The group of monuments at Mahabalipuram is a collection of 7th- and 8th-century CE religious monuments in the coastal resort town of Mamallapuram, Tamil Nadu, India and a UNESCO World Heritage Site.It is on the Coromandel Coast of the Bay of Bengal, about 60 kilometres (37 mi) south of Chennai.
The monuments were built during the Pallava dynasty.Known as the Seven Pagodas in many colonial-era publications, they are also called the Mamallapuram temples or Mahabalipuram temples in contemporary literature. The site, restored after 1960, has been managed by the Archaeological Survey of India.
The ratha temples, in southern Mahabalipuram, are carved in the shape of chariots. Their artists used naturally-occurring blocks of diorite and granite in sand, carving legends in stone.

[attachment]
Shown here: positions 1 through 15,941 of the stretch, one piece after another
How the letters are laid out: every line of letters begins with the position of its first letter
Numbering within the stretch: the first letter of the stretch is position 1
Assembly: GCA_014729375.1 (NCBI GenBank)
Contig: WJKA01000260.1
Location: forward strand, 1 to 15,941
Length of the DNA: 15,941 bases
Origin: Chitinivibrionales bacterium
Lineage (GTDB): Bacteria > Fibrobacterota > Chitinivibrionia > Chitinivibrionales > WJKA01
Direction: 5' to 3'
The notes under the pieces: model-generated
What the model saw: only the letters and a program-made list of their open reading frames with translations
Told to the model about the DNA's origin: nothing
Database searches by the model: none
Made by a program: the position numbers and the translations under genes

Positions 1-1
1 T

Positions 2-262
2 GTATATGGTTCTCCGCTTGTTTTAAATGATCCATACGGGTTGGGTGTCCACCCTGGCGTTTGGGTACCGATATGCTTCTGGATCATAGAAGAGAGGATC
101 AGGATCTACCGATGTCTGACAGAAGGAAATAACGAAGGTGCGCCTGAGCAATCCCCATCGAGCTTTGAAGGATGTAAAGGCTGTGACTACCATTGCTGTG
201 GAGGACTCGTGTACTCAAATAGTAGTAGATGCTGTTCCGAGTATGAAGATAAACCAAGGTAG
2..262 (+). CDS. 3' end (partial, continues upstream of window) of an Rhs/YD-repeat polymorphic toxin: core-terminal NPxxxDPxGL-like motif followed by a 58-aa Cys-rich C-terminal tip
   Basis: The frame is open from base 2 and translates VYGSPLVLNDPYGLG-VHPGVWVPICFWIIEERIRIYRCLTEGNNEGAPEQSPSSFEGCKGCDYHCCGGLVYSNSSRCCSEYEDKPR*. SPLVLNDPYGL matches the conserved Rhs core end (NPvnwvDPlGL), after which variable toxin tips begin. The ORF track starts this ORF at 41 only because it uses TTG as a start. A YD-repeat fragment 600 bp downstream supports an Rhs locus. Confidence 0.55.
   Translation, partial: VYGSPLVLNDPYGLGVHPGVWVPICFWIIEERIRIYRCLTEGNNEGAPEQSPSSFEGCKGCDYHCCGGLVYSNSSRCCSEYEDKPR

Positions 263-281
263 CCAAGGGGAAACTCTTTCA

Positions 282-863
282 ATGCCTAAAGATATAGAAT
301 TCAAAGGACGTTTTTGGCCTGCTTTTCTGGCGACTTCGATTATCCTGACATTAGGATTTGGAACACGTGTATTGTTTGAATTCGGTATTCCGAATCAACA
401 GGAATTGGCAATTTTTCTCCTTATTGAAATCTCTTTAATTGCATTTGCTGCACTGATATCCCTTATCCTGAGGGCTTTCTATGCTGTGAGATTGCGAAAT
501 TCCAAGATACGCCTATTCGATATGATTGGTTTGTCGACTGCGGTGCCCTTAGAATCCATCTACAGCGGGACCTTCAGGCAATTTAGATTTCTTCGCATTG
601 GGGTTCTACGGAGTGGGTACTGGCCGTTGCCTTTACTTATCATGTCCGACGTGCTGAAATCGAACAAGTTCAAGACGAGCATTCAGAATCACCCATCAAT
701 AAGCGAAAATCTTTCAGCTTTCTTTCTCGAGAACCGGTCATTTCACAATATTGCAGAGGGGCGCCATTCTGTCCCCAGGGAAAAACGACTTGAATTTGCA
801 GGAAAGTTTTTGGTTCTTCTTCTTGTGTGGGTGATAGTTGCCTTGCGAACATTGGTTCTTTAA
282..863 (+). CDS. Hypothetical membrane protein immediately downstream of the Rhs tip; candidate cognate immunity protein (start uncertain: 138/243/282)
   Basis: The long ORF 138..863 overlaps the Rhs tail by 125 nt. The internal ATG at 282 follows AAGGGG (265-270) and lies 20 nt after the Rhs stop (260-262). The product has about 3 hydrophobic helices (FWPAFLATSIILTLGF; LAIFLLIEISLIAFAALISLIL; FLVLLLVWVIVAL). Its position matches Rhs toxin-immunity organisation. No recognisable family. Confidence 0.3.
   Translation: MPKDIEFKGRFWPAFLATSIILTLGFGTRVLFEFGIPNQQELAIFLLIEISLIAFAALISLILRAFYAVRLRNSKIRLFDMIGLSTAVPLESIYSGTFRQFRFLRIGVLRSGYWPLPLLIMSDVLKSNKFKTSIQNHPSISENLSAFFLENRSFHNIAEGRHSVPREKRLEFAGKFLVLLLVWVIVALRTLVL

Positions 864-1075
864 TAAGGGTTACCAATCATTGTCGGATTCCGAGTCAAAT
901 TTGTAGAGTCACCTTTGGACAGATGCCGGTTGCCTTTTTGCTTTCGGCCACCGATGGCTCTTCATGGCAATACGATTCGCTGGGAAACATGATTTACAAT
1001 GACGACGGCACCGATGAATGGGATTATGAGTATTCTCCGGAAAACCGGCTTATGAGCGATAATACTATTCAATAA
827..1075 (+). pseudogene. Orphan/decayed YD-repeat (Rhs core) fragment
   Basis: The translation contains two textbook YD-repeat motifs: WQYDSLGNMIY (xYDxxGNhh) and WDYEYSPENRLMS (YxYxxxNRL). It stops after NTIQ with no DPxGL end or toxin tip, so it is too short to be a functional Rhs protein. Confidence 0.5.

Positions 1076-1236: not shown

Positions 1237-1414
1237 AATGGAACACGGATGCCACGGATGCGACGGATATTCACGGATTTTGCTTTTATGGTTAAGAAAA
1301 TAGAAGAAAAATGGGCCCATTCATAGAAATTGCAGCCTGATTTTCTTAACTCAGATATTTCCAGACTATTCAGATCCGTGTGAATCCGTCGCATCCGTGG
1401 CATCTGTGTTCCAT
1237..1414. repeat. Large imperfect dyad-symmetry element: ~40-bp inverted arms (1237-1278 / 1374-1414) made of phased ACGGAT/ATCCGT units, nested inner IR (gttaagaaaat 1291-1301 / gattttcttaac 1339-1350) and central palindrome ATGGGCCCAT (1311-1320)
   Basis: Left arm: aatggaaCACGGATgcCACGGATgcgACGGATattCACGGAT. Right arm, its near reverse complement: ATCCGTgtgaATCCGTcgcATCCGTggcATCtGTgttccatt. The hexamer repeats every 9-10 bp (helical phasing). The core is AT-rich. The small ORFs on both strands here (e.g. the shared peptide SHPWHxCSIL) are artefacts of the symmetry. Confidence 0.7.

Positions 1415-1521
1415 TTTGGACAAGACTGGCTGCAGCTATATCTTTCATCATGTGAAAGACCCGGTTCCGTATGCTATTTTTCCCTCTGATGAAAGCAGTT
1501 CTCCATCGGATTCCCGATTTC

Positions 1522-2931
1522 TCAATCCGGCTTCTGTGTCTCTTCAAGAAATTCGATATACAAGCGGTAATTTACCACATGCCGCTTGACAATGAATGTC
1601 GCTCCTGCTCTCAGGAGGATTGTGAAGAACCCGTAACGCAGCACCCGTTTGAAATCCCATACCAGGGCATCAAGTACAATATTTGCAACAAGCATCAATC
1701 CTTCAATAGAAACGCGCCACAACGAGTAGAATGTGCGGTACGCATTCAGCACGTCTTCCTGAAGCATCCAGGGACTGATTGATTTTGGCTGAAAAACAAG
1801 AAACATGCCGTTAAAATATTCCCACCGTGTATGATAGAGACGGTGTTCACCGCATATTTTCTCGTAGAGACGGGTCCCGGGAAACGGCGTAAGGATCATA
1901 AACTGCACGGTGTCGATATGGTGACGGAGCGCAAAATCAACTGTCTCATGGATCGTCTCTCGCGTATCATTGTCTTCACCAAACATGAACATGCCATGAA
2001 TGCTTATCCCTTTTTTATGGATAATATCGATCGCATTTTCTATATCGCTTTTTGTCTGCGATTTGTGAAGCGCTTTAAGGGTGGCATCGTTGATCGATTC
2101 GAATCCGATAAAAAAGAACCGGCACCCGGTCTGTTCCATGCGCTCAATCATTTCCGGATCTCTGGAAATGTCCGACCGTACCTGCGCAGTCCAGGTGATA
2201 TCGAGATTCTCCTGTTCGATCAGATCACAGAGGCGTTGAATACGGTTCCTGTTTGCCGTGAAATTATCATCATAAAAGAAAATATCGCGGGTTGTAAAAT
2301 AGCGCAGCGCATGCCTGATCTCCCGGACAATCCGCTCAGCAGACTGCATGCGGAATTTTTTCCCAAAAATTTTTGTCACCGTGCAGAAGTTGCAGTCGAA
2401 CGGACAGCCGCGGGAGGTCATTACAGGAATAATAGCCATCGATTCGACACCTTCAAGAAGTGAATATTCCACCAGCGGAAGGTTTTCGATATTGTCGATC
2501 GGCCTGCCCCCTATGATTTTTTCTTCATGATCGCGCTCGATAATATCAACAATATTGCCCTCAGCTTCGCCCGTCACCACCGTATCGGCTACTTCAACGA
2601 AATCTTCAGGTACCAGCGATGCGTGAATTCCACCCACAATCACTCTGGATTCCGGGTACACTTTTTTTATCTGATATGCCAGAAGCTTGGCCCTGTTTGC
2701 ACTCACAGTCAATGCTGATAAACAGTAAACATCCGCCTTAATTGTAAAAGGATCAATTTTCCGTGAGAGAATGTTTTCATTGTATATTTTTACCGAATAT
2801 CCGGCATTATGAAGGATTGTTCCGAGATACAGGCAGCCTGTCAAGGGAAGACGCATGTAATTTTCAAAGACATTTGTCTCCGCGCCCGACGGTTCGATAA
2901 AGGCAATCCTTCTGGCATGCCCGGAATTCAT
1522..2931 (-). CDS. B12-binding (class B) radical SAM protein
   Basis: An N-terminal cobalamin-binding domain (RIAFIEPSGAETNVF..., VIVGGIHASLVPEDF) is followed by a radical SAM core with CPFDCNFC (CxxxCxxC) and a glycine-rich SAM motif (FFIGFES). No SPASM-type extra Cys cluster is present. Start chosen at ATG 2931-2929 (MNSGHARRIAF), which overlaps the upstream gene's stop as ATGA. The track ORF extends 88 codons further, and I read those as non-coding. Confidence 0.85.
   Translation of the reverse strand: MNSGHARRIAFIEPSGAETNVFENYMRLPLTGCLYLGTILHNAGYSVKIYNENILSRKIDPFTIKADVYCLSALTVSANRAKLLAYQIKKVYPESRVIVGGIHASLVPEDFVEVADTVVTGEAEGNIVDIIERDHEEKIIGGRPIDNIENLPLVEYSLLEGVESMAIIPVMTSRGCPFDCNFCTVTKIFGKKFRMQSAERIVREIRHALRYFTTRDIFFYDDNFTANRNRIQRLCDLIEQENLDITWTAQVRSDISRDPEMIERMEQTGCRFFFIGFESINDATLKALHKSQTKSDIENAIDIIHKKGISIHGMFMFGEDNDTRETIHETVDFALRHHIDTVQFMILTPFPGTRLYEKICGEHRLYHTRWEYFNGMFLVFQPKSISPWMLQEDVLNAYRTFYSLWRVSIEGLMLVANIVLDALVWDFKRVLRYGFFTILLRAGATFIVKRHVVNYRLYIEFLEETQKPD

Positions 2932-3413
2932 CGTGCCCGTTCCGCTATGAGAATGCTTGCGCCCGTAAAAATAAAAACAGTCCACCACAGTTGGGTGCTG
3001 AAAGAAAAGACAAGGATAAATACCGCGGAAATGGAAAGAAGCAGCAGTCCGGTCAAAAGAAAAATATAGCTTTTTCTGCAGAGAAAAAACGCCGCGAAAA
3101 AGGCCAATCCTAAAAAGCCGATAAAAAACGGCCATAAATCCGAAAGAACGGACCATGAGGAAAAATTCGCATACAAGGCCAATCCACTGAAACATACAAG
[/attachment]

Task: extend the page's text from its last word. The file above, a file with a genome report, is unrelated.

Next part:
The Dharmaraja ratha has a square floor plan within a rectangular frame (26.75 ft x 20.67 ft), and is 35.67 feet high.It has an open porch supported by pillars.
Mandapa is a Sanskrit term for a typically-square vestibule, pillared hall or pavilion.It was a space for people to gather socially, usually for ceremonies and rite-of-passage rituals.
The Varaha cave was excavated from a vertical wall on the west face of the main Mamallapuram hill.Its architecture is simple; a Vaishnavism-related cave temple, it is known for its four sculptures depicting Hindu legends.
Kotikal is a simple, early excavation with two pilasters on its facade. In front of it are sockets, suggesting a structural mukhamandapa (main hall).
The Shore Temple complex is near the Mamallapuram shore, hence its modern name. It consists of a large temple, two smaller temples and many minor shrines, open halls, gateways and other elements, much of which is buried by sand.